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Catomi

Awhile ago I bought a screen for bolting flour. I'd done a bit of reading and it sounded like nothing but a good thing; you get the nutritional and flavor benefits of whole grain, with the structure of white flour. I made several loaves using Bob's Red Mill flour, shaking it through the screen to produce maybe 1/4 cup of chaff for the 500 g of flour I needed for my recipe. I couldn't really tell if it was making a difference (I should really do a comparison bake, but frankly my time is limited and I'd want to have plenty of flexibility for a project like that), but I did it anyway. Then last week, at a grocery store that specializes in locally produced foods, I found a bag of Ernst Farms stone ground flour. Exciting! I had no idea what type of flour it was, but still, exciting! And earlier this week, I made bread with it. I used the same recipe I've been primarily making, Tartine's Ode to Bourdin (100% whole wheat sourdough). 

 The first thing I noticed was that the flour was much coarser than BRM. Using the same screen, in order to produce 500 g of bolted flour I generated 355 g chaff. Here's a photo of the bolted flour next to the chaff.  And here's one showing all the flours I used. The base is the bolted Ernst Farms flour. Then clockwise from top left are wheat germ, unbolted Ernst Farms flour, and King Arthur white whole wheat flour.  

The flour seemed wetter when I was mixing the autolyse and leaven. I found myself wondering if acting more like white flour meant that bolted flour also absorbs less water, since I know whole wheat tends to be thirstier than white flour. At this point I should have engaged brain and left out the additional 50 g of water called for in the recipe, but I had been using it to dissolve the leaven and make it easier to incorporate into the autolyse so that's what I did. Oh well, this would be extra practice handling wet doughs. 

 The dough also seemed stretchier during stretch and folds. I don't know if there's a standard of measure for stretchiness - how far you can stretch a given volume of dough before it tears? - but it seemed like I was raising my hands pretty high before reaching that point. Things got more entertaining when it was time to shape the dough. I had been planning to deflate pretty thoroughly and expect it to take a long time during the final fermentation. As it turns out, I didn't have a choice. The dough was wet, gloppy (my three year old's new favorite word), and very, very friendly. It attempted first to eat my hands, and then when I'd managed to separate it into two roughly round forms, the rounds went looking for each other and tried to meet up again in the middle. I did my final shaping and deposited them, roughly seam side up (though they were attempting to eat my hands again, despite them being quite wet, so I felt like I was creating new seams every time I touched them), in bowls lined with a very generous quantity of the bran I winnowed out of the flour. Then I stuck them in the fridge overnight in the hope that they would be better behaved, cold, in the morning.  In the morning they seemed rather flatter than I might have expected, and still spread a little in the time it took me to invert them onto parchment paper, slash them and get them in the preheated cast iron pots. That said, I did a finger poke test on both of them and they still seemed rather springy, so I figured at worst they were underproofed and I'd get great oven spring (total time in the fridge for final ferment was 12 hours). I steamed them at 500 degrees F for 20 minutes, then 425 degrees for 10 minutes. Then I took the lids off, rotated the pots and finished baking for 10 minutes at 425 degrees. Internal temps were 210 and 212 degrees F. Here is one just before going in the oven: The loaves were flatter than I expected. There was little to no oven spring, and they were paler than I might have expected. Both loaves:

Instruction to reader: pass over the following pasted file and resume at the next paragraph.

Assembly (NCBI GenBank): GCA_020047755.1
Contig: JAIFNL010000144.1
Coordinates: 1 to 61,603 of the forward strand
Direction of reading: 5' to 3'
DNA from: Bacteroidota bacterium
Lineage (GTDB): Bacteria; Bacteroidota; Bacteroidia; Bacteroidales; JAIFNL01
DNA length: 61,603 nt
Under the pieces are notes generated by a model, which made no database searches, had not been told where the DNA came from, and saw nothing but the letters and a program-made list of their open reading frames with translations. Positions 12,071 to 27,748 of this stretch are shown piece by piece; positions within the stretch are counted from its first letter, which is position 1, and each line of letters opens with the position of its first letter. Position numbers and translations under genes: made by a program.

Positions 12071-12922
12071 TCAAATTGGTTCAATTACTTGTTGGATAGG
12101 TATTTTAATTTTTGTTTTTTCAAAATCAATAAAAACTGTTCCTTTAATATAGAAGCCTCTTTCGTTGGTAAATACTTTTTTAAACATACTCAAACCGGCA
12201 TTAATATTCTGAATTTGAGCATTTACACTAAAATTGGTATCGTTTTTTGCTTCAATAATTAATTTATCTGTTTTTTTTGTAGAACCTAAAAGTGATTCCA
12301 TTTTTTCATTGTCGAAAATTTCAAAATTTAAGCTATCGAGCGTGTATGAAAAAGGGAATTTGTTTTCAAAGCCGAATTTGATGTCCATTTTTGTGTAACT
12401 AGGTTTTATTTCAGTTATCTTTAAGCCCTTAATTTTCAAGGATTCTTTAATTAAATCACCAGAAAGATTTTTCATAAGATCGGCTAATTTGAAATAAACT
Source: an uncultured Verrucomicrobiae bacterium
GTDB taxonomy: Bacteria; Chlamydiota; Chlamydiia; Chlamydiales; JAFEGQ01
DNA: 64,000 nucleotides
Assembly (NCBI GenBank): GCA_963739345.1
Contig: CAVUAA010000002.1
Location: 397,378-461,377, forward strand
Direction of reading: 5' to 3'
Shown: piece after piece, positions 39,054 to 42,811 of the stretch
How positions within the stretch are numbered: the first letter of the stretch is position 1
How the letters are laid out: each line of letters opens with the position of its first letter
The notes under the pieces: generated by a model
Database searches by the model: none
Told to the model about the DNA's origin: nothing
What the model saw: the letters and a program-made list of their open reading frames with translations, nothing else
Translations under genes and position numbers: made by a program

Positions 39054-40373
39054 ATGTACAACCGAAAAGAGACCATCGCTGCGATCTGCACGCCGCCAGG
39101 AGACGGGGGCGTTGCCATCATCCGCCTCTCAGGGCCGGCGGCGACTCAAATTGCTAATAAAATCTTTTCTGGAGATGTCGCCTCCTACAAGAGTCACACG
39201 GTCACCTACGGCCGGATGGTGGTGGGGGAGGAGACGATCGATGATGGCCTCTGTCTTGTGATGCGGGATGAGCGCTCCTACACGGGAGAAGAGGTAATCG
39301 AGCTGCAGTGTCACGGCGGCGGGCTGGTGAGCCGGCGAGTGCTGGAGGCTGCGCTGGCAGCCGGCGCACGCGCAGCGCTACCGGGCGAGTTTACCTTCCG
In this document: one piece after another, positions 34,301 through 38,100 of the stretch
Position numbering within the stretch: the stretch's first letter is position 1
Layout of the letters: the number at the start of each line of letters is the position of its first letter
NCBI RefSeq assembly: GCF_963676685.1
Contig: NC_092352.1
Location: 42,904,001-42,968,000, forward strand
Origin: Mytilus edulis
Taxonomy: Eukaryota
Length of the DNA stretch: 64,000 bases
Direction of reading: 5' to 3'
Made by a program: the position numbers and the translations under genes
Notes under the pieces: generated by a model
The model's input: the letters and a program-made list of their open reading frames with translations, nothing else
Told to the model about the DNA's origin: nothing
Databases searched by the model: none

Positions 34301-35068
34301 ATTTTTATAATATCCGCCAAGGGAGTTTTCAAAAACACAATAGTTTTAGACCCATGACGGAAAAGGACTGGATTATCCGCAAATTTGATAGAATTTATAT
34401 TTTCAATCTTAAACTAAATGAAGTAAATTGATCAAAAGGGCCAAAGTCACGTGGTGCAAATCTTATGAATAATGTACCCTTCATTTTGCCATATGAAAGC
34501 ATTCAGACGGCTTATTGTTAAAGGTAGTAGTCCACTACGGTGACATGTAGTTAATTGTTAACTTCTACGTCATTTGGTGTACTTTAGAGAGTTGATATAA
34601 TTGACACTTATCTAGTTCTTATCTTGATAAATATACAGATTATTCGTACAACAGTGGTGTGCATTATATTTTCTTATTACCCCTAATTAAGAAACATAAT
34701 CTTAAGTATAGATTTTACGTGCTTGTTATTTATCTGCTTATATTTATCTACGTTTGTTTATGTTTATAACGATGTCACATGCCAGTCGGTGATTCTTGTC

Crumb shot. Nice and open, moist, chewy. Not a very complex flavor, mild, no real sourdough tang. 

 So now I'm wondering whether I got my hands on some green flour (there's no date on the bag to indicate when it was milled), or if my dough was just overhydrated. I'm leaning towards overhydrated because the flatness and poor oven spring are the only markers of green flour that I see (the others are dense crumb and tough crust - all that I know about green flour I learned here: http://tartine-bread.blogspot.com/2014/02/sidebar-sunday-michette.html). I don't know if overhydration would affect oven spring, though, and my searches aren't turning up info on overhydration and oven spring.  

Thoughts?

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Catomi

So life got busy, it got hot outside, and I got lazy about updating. Here's the last several weeks, roughly condensed into one blog post.

FWSY's Overnight Country Brown. I made this as a bit of a lark, as I needed to return the book to the library and wanted to try something out of it first. This was my ugliest loaf so far; it spread quite a bit while proofing (I need to learn how to contain a high hydration loaf with towels) and transferring it to the oven created a flat, lumpy thing. When it was done baking, the crust was tough enough that my three year old pretty much gave up on it (I also need to figure out if there's anything I can do to bake artisan loaves with a less tough crust without fundamentally altering the recipe). That said, it was my tastiest loaf to date by far. It had a nice sourdough tang, with a more complex underlying flavor that was delicious. For some reason, the only picture I took was of the proofing dough.

Sourdough bread from The Nourished Kitchen. This recipe called for ingredients measured by volume, not weight. I don't know if there was a problem there, or if I made a mistake, but this baked a brick.  I seriously believe I could have broken a window with this loaf.  I was a little sad, since I used the last of my delicious spelt flour for it, but such is the price of experimentation. No picture.